Ian Schmidt

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I'm not too surprised to see this kind of wide scale testing of the system given Toyota wants to make a splash at the Tokyo Olympics.

And with social media filling up with tales and videos of Tesla's auto-summon crashing into garages, other cars, and pedestrians it's a good time for other automakers to show their self-driving working properly.
 

internalaudit

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Autonomous vehicles pose a whole bunch of R&D challenges. With so many aspects to consider -- power consumption, safety, user interface and data management, to name just a few -- creating a common computing platform for their use is a big ask of just one company. That's why a group of automotive and tech businesses have joined forces to create the Autonomous Vehicle Computing Consortium (AVCC), in a bid to create a platform that will promote the scalable deployment of automated and autonomous vehicles.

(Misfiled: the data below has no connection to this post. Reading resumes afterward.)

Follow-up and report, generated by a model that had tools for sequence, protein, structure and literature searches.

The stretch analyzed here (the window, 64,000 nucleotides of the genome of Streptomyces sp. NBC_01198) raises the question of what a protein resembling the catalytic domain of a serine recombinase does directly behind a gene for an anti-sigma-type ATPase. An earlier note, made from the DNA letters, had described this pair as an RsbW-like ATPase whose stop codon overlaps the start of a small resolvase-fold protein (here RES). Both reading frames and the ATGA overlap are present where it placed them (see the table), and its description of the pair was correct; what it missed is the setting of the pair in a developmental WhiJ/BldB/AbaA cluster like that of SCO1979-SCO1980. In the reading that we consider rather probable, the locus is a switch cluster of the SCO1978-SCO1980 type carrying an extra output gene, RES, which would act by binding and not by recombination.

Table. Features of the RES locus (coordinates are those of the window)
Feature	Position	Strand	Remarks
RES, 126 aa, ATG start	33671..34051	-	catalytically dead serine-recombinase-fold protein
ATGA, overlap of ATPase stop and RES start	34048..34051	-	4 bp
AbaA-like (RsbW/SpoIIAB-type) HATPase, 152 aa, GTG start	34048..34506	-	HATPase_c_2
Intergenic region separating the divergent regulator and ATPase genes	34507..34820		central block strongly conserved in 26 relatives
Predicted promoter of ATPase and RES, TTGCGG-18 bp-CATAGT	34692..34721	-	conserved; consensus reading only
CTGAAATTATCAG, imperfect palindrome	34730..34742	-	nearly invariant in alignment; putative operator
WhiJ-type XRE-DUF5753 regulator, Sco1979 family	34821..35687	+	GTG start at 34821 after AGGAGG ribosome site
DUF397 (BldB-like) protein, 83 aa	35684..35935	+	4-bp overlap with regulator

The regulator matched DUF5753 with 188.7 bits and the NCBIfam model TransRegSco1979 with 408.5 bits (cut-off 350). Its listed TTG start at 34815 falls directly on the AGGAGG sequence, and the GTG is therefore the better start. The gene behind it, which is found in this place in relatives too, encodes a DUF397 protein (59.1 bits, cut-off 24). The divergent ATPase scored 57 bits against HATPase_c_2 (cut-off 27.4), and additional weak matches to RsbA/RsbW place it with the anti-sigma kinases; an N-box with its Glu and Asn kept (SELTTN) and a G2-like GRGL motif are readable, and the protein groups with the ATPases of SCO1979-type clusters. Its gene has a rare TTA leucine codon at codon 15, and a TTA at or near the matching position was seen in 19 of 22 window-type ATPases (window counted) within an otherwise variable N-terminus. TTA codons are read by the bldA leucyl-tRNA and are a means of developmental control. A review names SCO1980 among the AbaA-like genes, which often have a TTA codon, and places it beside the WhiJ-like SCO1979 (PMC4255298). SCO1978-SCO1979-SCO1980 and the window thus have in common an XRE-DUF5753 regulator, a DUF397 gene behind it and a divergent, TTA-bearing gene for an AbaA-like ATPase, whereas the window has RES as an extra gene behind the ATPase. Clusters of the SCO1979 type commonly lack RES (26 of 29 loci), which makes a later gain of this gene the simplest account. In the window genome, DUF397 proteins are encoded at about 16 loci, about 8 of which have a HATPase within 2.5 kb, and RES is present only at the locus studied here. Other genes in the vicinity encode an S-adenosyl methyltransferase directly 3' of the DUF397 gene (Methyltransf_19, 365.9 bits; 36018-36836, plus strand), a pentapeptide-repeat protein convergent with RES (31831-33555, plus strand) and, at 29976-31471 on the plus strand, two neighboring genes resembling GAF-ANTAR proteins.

The consortium includes ARM, Bosch, Continental, DENSO, General Motors, NVIDIA, NXP Semiconductors and Toyota (whose P4 Automated Driving Test Vehicle is pictured above), who will collaborate on overcoming some of the most significant challenges posed by autonomous vehicles -- the group's first step will be developing a set of recommendations for a system architecture for the computing platform. According to Alex Harrod of Arm, "The group brings together a unique combination of expertise and a shared goal," and will be welcoming input from other interested parties and members of the automotive ecosystem.
 

CRSKTN

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As part of its big robot push for upcoming the 2020 Tokyo Olympic and Paralympic Games, Toyota says it will have 20 of its e-Palette electric vehicles on-site to transport athletes.
Each of the vehicles will travel through the athletes' village at a leisurely 12 miles per hour along a designated loop. As an SAE Level 4-capable autonomous vehicle, the e-Palette will be able to navigate the area all on its own. However, a safety attendant will be onboard each vehicle to ensure nothing goes wrong. Those capabilities put the e-Palette in about the same ballpark as Waymo's current fleet of autonomous vehicles.
 

internalaudit

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When tourists arrive in Tokyo for the 2020 Olympic Games next summer, they'll potentially have another exciting experience beyond watching gold-medal athletics. That's because Toyota will be giving visitors free rides in self-driving cars on public roads in the Odaiba district of Tokyo.